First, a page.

was worth being in those teams. The consequence was that his form
always played hard. This made other forms play hard. And the net
result was that, when Adair succeeded to the captaincy of football
and cricket in the same year, Sedleigh, as Mr. Downing, Adair's
house-master and the nearest approach to a cricket-master that
Sedleigh possessed, had a fondness for saying, was a keen school.
As a whole, it both worked and played with energy.

All it wanted now was opportunity.

This Adair was determined to give it. He had that passionate fondness
for his school which every boy is popularly supposed to have, but
which really is implanted in about one in every thousand. The average
public-school boy _likes_ his school. He hopes it will lick
Bedford at footer and Malvern at cricket, but he rather bets it won't.
He is sorry to leave, and he likes going back at the end of the
holidays, but as for any passionate, deep-seated love of the place, he
would think it rather bad form than otherwise. If anybody came up to
him, slapped him on the back, and cried, "Come along, Jenkins, my boy!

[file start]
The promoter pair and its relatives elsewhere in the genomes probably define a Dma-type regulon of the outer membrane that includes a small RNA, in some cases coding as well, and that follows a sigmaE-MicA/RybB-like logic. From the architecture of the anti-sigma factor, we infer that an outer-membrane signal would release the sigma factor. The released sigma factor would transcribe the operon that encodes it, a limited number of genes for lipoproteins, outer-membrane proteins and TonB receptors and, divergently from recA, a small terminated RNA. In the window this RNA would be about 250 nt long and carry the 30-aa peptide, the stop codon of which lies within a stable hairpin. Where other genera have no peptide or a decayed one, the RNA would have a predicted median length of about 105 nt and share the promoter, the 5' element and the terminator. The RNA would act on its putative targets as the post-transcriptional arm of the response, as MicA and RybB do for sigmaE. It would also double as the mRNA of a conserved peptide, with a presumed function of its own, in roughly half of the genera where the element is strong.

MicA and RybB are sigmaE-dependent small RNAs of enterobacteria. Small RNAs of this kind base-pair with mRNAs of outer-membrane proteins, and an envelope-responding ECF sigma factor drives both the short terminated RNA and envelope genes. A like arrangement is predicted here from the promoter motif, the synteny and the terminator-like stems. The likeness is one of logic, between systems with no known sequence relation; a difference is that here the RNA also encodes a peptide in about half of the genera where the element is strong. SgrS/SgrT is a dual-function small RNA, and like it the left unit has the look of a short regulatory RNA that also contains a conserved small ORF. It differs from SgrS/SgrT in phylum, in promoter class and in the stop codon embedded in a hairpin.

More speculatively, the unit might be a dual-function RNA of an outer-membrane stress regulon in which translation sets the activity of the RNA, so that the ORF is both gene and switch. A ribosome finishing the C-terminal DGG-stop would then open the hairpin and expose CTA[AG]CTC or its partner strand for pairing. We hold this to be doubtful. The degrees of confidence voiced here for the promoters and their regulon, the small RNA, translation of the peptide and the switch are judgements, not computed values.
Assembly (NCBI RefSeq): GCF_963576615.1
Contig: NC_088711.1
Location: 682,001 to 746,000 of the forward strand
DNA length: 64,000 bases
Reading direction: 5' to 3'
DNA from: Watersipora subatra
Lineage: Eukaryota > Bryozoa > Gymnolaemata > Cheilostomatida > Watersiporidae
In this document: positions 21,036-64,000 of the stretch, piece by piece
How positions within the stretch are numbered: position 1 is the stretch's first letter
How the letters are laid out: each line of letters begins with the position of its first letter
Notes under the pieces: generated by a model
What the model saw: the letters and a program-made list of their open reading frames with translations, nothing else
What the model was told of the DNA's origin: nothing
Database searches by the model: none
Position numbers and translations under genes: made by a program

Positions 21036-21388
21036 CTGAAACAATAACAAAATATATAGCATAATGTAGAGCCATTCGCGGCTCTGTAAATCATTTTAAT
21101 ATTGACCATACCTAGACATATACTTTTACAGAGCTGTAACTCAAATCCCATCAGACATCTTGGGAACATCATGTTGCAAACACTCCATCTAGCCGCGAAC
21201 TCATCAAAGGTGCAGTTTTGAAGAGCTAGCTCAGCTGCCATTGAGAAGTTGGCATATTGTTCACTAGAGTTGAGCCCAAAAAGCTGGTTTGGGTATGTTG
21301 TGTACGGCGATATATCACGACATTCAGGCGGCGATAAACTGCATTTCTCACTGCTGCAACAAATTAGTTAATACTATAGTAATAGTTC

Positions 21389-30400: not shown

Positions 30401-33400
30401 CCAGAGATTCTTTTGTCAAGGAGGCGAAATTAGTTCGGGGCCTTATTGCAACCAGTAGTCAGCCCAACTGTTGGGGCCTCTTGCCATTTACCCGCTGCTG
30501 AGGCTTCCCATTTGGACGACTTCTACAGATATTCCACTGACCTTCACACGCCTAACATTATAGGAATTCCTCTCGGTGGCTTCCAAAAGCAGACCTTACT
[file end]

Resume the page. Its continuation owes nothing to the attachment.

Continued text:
Play up for the old school, Jenkins! The dear old school! The old
place you love so!" he would feel seriously ill.

Adair was the exception.

To Adair, Sedleigh was almost a religion. Both his parents were dead;
his guardian, with whom he spent the holidays, was a man with
neuralgia at one end of him and gout at the other; and the only really
pleasant times Adair had had, as far back as he could remember, he
owed to Sedleigh. The place had grown on him, absorbed him. Where
Mike, violently transplanted from Wrykyn, saw only a wretched little
hole not to be mentioned in the same breath with Wrykyn, Adair,
dreaming of the future, saw a colossal establishment, a public school
among public schools, a lump of human radium, shooting out Blues and
Balliol Scholars year after year without ceasing.

It would not be so till long after he was gone and forgotten, but he